Once an idea or creative concept is documented on paper or electronically, it is automatically protected by copyright in Australia. Copyright lasts the life of the creator plus an additional 70 years. Even though protection is automatic, it is important to ensure you have proof the work is your own in case a dispute arises. Some evidence that is worth keeping includes draft dated records, plans, outlines and file notes of discussions and agreements with other people.
Trade secrets are protected for as long as you keep them protected, however it does not ensure you exclusive rights. The most common way to protect secrets after they are disclosed is via a confidentiality agreement. In the event confidential information is disclosed or threatened to be disclosed without your permission, you can bring an equitable action for breach of confidence, or an action for breach of contract where a confidentiality agreement was in place.
2. Registered Protection
Trademark protection lasts initially for 10 years and can be renewed so long as it is in continued use. If you stop using the trademark, it can get removed. When registering your trademark, keep in mind that other people can try oppose your registration, typically when it is deceptively similar to their own. Also note that trademark protection only applies to the set classes of goods or services you intend to use your trademark in association with.
Trademarks or brands can also be protected where you have a distinct business reputation. If you do not have a registered trademark and someone is falsely associating themselves with your business, goods or services, you could bring an action in passing off or an action in misleading and deceptive conduct pursuant to section 18 of the Australian Consumer Law. However, these actions can be costly so it is preferrable to register your trademarks instead.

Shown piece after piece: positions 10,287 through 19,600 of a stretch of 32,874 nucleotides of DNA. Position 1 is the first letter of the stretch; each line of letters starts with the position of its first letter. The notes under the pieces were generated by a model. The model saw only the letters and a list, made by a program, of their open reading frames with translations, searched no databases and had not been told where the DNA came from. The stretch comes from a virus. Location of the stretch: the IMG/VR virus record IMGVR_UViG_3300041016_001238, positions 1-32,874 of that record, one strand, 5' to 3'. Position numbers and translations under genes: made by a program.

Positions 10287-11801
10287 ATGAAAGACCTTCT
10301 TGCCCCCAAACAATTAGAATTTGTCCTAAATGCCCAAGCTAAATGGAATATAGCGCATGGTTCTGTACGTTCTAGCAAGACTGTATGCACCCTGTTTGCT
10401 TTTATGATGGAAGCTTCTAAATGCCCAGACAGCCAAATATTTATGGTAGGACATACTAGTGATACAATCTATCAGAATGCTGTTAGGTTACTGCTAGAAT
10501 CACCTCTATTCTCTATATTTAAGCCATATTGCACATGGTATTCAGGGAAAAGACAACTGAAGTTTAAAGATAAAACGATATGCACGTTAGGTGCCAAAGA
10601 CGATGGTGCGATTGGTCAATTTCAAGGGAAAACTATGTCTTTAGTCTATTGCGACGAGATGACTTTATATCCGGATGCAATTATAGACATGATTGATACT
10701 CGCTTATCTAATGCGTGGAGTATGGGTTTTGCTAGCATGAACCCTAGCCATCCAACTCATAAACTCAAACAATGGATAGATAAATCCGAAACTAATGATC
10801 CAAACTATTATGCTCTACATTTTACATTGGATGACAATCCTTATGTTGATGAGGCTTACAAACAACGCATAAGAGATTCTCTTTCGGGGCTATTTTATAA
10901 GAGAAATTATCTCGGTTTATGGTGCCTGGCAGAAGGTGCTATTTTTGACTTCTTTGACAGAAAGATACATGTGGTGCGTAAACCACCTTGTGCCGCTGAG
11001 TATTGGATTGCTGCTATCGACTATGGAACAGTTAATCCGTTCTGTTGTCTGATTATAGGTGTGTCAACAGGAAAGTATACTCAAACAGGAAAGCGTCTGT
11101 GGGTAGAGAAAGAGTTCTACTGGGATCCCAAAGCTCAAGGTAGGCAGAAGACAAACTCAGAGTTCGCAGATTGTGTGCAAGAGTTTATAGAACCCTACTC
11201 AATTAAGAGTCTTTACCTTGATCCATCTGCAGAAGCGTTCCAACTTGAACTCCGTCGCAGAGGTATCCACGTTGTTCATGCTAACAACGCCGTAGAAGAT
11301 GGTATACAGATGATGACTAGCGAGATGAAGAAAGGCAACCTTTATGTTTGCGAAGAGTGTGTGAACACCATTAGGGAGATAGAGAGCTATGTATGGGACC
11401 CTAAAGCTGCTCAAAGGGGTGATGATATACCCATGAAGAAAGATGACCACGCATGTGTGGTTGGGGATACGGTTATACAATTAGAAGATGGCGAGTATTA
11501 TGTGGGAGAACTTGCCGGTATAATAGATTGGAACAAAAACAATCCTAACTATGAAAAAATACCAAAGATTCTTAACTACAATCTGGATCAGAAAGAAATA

Patents have a very lengthy and difficult registration process. It is advised you receive advice from a specialised Patent Attorney as they have experience in a field of engineering or science in addition to legal expertise.
It is very important not to share the invention publicly before applying for patent protection, otherwise it may be refused. There are three main types of patents: a standard patent that lasts up to 20 years, an innovation patent that lasts up to 8 years and a pharmaceutical patent that lasts up to 25 years. Each type varies slightly in their application processes. The types of inventions that can be patented include appliances, mechanical devices, computer-related inventions, business methods, biological inventions, micro-organisms and other biological materials.